This afternoon I've been testing various ways of thinking about the organisation of the FSFE, some of which turned into what looked much like a text based quest game from the early 1980s. The overall question is how we can best shape the work we do in a way which scales, is effective, and which encourages and makes it possible for our volunteers around Europe and elsewhere to make their contribution to free software.
While the FSFE does have some staff, most of our activities involve volunteers, and it's through the volunteer contributions, on all levels, we're able to influence the world around us in a way which is favourable to free software. One of the aspects we must consider is what the staff actually contribute with, and so some of the thinking during the day centered around the paramount rule that staff should concentrate its activities on enabling volunteer to be effective.
A lot of times, this include various coordination activities, helping to broker connections between volunteers and different groups, performing purely administrative functions, or helping a new volunteer orient herself in the organisation.
That last part is an area where we're currently falling short, but it's also an area where there are a lot of low hanging fruit that we can easily pick which will improve the situation. A while ago I started on a work to try to document the working teams within the FSFE: all of which include volunteers in some capacity. A problem has been, and continue to be, that it's very difficult to get an overview of what teams are actually working on what.
Not only do we lack a overview of the teams, we also lack clarity about the authority of them, or what expectations we have of them. But the first part is about establishing the overview of what teams there are, so people can understand how the organisation fits together and where they can make their best contribution.
At the moment I've started to put this information together on our wiki. Some parts of it should eventually move to our web pages, but I'm first trying to structure the information a bit more and looking at what information we need to provide about each team. The first one was our system-hackers team, which is the group responsible for our technical infrastructure. It's telling that a team which has worked continuously since 2001 (though with its members changing over time) has yet to actually be documented in a way which makes it transparent that the team exists.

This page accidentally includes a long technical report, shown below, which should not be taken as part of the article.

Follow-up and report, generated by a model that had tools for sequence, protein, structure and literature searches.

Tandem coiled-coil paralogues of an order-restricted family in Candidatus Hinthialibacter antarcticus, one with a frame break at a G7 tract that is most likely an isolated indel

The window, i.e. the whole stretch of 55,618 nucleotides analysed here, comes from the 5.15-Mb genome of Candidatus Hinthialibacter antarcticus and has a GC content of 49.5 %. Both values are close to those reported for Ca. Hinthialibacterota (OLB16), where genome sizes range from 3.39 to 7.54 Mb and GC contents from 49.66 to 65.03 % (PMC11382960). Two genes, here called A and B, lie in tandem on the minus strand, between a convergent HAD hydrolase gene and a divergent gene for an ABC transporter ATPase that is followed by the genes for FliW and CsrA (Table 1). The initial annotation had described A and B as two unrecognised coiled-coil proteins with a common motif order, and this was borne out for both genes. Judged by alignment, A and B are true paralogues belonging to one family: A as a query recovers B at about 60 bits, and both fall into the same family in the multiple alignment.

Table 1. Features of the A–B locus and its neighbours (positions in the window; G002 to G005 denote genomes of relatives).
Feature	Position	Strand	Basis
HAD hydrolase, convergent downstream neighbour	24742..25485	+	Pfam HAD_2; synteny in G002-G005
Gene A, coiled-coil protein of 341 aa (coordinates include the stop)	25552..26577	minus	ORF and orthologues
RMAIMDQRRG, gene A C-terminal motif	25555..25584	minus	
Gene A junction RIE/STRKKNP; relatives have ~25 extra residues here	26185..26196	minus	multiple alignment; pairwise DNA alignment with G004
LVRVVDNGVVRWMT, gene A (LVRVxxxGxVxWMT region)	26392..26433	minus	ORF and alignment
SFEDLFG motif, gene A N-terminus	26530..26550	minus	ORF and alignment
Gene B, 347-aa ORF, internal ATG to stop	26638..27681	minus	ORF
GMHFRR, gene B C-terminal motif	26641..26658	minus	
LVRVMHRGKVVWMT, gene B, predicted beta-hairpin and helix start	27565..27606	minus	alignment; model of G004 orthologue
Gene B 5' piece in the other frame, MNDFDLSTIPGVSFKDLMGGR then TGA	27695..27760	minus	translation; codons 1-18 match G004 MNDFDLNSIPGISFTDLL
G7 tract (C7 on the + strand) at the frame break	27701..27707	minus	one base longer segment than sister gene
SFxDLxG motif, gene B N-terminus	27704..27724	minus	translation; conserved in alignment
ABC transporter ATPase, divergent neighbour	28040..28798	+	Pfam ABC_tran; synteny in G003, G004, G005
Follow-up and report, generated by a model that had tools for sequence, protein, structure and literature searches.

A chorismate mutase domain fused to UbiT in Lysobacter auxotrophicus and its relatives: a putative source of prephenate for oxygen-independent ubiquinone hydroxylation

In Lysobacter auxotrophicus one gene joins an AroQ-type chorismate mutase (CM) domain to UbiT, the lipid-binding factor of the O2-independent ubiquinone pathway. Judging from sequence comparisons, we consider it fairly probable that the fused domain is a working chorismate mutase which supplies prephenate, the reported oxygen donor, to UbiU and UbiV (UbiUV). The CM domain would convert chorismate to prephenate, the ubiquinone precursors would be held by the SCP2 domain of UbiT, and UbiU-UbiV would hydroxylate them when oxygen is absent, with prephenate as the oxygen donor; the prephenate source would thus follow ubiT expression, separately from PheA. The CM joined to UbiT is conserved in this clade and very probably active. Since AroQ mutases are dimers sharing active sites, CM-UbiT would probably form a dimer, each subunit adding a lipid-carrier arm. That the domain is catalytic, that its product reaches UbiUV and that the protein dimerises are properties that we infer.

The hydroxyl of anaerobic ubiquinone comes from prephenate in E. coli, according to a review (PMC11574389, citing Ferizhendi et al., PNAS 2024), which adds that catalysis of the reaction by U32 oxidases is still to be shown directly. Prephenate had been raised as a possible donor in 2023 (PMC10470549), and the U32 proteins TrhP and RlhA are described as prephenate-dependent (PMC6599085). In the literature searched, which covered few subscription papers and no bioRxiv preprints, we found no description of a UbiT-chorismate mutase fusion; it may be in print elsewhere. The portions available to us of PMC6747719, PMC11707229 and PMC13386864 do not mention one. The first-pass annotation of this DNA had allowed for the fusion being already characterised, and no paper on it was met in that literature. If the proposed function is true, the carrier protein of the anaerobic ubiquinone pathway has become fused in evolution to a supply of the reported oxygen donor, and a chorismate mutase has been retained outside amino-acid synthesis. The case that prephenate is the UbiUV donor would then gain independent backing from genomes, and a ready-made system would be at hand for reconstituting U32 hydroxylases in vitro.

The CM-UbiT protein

Continuing this work for other teams will take some time, but it's slowly progressing towards there. This will provide some much needed transparency and clarity to the organisation. It will also help along the way of answering some of the questions of how our staff best can support our volunteers.
Ah yes, what about the 1980s text quest game? As I was going through some of the larger implications about this in my mind, I was starting to come up with scenarios which I need to answer with a process view, and where the answer can help validate whether we're actually inclusive, transparent, supportive and empowering towards our volunteers. I ended up with scenarios such as this:
Surprise! A mail arrives with a speaker's request from Helsinki. The governments wants an intervention on open standards. What do you do?
Help! A small but engaged group in Albania is arranging a seminar on free software tomorrow but their stack of leaflets about the FSFE has burnt up. What do you do?
You've fallen into a trap! The journalist you're talking to quotes you out of context deliberately and suddenly, there's an article in New York Times about how the FSFE is supporting dictators in the middle east. What do you do?
A hollow voice says 'plugh'. You don't know what it means, but suddenly remember a mail from a while back from a big corp wanting legal advice on free software. What do you do? And how can you sleep at night with hollow voices around you?
And there you have it. Of course, that was just a few minutes out of the day, but I found it interesting how many ways one can answer either of those questions (and many more!), and the ways in which you answer them for your organisation can be rather telling about what kind of organisation you are.